One of my favorite books from my youth was Ayn Rand’s The Fountainhead, published in 1943. Although the writing style is clearly dated by today’s standards, there’s a great plot.
The archetypal lead character (Howard Roark) is a struggling architect with a burning vision; willing to toil in obscurity while rejecting conventional wisdom — and paying an enormous personal price to stay true to his vision.
The architects of the era were focused on creating buildings with enduring value. Today’s enterprise architects might be seen the modern equivalent: creating the digital “buildings” that we all live and work in.
Like the protagonist Roark, the road that enterprise architects must travel can be lonely, with obstacles and challenges at every turn. But when they are able to do their job well, the result can create long-lasting value for the people who employ their services.
My Experience With Enterprise Architects
I’m realistic here — I’ve worked on the IT vendor side of the business for most of my career. Part of being a successful IT vendor is being able to introduce new technology — and, very often — new architectural models and associated operational models that go with it.
If your new widget doesn’t change the basic architecture — or impact the operational model — you’re unlikely to engage much with enterprise architects.
But if your new widget results in significant change, you’re now entering the domain of enterprise architecture. And I've been involved with a lot of new widgets over the years :)
Over time, I found myself spending more and more time with people who were responsible for architecture in larger IT shops. I became familiar with their role, how they look at the world, and how they often have to struggle mightily to achieve their objectives.
Why This Is Particularly Relevant
Regular readers will be familiar with my basic thesis: our economy is changing to a digital one, and businesses everywhere are re-inventing themselves as information-centric. Call it the “3rd Platform” if you like — same basic ideas.
As a result, enterprise IT is going through a once-in-a-career transformation to become the builder/broker of business IT services: convenient to consume, efficient to deliver. Virtually every leadership role in the IT organization is transformed as a result, from the CIO on downwards.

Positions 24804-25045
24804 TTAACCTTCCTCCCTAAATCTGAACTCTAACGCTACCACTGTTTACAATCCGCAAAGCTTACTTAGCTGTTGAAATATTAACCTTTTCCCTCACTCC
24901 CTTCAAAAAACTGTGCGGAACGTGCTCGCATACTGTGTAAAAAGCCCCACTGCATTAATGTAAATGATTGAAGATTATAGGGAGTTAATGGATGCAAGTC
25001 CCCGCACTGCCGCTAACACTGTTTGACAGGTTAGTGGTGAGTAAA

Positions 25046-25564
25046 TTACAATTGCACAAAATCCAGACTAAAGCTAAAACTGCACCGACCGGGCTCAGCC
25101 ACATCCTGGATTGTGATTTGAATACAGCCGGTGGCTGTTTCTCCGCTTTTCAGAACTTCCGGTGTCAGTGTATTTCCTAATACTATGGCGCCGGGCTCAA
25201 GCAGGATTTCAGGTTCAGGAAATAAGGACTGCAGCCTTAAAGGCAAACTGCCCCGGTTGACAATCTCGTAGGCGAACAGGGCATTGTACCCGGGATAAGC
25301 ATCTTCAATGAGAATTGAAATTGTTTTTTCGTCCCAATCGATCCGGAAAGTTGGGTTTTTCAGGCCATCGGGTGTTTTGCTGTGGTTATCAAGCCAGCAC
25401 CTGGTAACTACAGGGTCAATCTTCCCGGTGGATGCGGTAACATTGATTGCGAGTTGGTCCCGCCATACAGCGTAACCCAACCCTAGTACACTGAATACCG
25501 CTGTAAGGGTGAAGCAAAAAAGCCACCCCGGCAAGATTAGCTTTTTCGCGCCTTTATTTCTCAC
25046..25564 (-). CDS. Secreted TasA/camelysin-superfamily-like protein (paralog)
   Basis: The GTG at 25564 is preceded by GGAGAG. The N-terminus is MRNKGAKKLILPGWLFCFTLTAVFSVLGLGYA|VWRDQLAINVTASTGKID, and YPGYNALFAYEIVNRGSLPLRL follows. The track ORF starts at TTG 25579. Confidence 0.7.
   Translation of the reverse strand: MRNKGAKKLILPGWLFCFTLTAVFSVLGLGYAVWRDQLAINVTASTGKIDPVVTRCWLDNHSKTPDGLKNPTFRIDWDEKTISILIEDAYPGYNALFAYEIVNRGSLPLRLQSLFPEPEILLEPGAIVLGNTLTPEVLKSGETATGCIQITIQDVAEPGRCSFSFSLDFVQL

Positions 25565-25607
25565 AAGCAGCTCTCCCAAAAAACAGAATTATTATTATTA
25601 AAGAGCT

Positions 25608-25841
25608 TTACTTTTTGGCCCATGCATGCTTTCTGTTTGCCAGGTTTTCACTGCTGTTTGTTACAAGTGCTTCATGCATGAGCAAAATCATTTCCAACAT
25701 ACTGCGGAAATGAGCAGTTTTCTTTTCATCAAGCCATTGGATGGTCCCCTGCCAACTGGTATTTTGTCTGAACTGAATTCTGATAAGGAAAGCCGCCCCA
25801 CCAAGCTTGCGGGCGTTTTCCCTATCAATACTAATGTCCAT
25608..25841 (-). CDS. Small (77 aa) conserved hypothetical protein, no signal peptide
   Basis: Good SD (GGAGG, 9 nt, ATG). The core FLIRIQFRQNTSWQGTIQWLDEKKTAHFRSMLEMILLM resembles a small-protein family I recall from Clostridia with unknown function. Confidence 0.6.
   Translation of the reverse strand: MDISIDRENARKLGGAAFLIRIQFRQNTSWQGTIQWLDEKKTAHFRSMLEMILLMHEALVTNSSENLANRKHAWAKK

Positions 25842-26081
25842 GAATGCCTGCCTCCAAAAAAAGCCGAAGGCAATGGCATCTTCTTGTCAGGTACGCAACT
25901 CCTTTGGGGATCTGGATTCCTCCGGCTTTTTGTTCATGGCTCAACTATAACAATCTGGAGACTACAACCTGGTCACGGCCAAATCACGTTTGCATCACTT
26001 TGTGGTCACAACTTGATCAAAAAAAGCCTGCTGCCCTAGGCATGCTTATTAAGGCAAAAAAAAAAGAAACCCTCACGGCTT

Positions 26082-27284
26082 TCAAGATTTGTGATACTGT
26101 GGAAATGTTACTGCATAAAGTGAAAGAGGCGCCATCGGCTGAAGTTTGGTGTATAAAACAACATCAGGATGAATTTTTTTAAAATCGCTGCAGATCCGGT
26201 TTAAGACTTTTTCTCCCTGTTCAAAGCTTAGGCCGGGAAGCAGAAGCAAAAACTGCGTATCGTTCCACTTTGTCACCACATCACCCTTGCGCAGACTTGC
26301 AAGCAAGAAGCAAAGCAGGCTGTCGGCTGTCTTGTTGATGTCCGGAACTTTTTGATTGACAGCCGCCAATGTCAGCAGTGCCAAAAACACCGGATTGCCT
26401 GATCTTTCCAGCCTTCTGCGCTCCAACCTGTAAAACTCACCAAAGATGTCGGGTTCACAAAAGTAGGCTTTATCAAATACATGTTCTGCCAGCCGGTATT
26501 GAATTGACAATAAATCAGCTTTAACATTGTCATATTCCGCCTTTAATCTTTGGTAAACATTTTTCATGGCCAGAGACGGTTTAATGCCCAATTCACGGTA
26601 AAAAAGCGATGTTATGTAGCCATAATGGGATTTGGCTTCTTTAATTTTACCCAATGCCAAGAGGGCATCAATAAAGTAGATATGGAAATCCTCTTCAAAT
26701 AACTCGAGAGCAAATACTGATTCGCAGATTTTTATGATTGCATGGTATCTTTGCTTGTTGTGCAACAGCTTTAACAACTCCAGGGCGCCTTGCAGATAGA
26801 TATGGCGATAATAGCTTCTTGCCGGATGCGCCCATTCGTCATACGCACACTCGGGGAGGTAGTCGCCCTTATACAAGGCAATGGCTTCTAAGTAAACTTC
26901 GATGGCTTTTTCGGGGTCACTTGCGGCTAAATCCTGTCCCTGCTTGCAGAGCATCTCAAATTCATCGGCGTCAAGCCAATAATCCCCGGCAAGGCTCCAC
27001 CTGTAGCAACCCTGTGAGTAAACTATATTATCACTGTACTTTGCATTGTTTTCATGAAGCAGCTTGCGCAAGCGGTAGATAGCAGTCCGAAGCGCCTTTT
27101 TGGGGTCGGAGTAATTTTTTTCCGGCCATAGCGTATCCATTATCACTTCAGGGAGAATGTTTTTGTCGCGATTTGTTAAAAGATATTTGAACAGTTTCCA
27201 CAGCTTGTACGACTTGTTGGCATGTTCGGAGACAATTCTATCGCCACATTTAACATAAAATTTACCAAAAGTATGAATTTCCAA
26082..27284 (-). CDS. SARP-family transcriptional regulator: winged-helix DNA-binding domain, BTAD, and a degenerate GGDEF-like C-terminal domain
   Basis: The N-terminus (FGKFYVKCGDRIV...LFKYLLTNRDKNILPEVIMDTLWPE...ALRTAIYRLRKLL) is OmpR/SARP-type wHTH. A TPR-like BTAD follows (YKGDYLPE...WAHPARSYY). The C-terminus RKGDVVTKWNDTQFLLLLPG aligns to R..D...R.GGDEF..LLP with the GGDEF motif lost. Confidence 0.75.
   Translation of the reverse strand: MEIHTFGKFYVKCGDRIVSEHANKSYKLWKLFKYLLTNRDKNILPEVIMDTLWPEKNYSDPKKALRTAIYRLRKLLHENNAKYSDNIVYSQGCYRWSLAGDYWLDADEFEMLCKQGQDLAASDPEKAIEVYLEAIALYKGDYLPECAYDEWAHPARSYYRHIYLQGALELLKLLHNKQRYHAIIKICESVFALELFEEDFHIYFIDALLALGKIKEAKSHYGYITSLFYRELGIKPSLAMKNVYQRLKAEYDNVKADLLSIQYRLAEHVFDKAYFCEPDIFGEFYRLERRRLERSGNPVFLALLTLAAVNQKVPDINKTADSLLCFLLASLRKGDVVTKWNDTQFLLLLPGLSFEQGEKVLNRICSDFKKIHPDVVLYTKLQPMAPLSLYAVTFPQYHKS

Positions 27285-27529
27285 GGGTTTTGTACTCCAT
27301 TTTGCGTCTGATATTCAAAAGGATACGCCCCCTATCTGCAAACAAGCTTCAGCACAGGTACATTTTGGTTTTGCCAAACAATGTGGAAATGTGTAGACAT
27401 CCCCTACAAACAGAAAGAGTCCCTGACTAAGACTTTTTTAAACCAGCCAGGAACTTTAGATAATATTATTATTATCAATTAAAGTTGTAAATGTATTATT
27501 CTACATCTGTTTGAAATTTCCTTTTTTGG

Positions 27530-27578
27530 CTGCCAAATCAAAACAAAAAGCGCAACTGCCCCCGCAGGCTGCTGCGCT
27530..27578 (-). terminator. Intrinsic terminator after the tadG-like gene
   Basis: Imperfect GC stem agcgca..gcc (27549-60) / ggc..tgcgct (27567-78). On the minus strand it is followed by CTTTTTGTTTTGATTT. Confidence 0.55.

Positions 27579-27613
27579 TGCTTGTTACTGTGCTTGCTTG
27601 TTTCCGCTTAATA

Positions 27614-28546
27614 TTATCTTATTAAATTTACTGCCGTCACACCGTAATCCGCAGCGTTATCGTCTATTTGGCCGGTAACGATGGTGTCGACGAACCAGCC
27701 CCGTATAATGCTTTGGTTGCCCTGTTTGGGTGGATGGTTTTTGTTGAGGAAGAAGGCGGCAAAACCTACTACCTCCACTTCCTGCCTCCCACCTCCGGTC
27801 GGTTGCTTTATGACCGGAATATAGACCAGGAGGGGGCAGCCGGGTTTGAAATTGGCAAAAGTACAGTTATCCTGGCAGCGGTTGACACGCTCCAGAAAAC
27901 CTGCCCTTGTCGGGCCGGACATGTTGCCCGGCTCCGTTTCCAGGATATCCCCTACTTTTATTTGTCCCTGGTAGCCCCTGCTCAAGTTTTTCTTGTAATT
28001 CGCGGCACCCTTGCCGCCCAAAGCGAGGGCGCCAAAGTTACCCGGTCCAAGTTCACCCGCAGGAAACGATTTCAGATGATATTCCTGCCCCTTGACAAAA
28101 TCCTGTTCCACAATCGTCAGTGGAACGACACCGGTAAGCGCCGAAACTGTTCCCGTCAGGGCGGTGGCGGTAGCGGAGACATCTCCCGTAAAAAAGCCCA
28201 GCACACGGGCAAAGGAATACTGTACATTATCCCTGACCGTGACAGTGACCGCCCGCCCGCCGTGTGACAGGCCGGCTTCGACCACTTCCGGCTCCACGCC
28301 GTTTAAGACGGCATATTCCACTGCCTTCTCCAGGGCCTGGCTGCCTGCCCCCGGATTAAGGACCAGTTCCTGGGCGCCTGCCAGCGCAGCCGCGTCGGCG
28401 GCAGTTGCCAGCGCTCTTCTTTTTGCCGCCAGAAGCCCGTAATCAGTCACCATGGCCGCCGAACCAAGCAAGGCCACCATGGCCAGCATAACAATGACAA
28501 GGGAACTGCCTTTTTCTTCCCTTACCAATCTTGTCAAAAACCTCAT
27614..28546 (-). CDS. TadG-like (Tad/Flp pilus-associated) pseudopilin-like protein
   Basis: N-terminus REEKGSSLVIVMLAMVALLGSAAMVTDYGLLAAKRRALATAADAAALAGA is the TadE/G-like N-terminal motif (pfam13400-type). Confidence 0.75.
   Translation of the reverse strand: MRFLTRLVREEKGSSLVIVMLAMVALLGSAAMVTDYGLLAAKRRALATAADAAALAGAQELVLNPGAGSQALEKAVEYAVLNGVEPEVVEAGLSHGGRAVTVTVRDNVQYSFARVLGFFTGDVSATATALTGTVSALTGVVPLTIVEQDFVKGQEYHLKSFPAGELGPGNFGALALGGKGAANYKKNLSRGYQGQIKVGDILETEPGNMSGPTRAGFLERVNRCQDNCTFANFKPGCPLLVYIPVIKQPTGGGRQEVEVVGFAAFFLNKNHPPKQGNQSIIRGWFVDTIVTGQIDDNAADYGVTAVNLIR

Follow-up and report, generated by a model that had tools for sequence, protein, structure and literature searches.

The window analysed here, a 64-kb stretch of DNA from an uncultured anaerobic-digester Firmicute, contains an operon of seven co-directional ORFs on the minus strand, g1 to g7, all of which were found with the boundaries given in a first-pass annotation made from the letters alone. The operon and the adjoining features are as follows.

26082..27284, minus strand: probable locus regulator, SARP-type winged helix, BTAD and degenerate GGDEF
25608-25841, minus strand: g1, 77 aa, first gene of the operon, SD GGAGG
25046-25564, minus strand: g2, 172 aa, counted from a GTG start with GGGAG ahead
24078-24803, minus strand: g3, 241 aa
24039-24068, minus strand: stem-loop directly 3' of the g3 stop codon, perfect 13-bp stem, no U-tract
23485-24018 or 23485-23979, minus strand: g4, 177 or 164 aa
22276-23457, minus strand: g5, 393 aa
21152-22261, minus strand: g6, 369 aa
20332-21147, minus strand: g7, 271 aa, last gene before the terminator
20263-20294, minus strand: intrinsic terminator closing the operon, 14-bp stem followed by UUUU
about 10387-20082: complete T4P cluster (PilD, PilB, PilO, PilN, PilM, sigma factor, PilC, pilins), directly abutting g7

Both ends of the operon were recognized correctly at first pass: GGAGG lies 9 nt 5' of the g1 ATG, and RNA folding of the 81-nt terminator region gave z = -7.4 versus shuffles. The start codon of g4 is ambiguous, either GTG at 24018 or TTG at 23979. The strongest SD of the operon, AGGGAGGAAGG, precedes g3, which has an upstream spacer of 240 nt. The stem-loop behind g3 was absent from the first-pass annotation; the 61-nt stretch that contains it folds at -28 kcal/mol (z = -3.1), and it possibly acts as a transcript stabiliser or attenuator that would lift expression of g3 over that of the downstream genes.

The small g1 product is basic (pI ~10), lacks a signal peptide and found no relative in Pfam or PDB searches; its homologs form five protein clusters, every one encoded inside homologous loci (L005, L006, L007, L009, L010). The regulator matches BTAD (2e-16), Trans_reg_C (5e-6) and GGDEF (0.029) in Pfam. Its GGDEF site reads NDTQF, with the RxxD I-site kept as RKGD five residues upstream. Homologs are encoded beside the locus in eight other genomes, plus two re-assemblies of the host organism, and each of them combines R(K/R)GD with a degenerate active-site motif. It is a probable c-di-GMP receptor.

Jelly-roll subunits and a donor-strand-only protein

In this context, the role of enterprise architects becomes particularly acute: they have to design the new “digital building” years in advance, and do so in the face of incredible uncertainty from every direction.
Changing business requirements.
Political agendas left and right.
Uncertain budget and funding.
Cynical and skeptical co-workers — both in IT and in the business.
A vendor community with offerings that change and flux at an incredible rate.
We’re having big fight about the requirements, and — even if we decide — we’ll probably change our minds repeatedly. We're not sure if we have the money to finish it.
The land you’re building on is a swamp today. Everyone wants to participate in the detailed minutiae: what kind of building materials, how many rooms and what kind, etc.
By the way, our existing construction crew has no practical experience in building any of this”. And so on.
Is it any wonder that I’ve become very empathetic to the plight of enterprise architects?
How Enterprise Architects Cope -- And Thrive
Just about everyone I meet in the role has common attributes: very intelligent, willing to span multiple disciplines and focus on the interactions, intensely curious, articulate, etc. But some of the really good ones I’ve met go even farther.
For example, I would describe the best ones as “patiently persistent”. They know what’s worth arguing for — and waiting for. While they certainly have learned a lot from past experiences (and have no shortage of opinions!), they realize their role is not to simply recreate the past in a new form — they’re being tasked with envisioning essentially disruptive models — and also figuring out how the organization gets there in a reasonable fashion.
The very best enterprise architects are often alliance builders: they build close working relationships with key business stakeholders, their immediate management, key folks within IT — and with a select handful of IT vendors that they know and trust.
Part of that is good people skills: listening, communicating and empathizing. I see that as essential: after all, next-gen IT is really about people, process and politics and somewhat less about technology. They often have to use influence to make progress, and are rarely given the power to set and enforce mandates.
I frequently hear the same thing: coming up with a workable architecture isn’t particularly difficult. Implementing it — and getting the organization to adopt it — is where the really heavy lifting takes place.
Embrace Your Enterprise Architect?
I suspect that the importance (and difficulty!) of the role is not widely appreciated. T
hese people face monumental challenges, and often face an uphill battle with simply explaining what they’re trying to get done and why.
That’s not ideal.
These are the folks who are designing the digital buildings that we’ll all live and work in — and that’s becoming a very strategic topic indeed.
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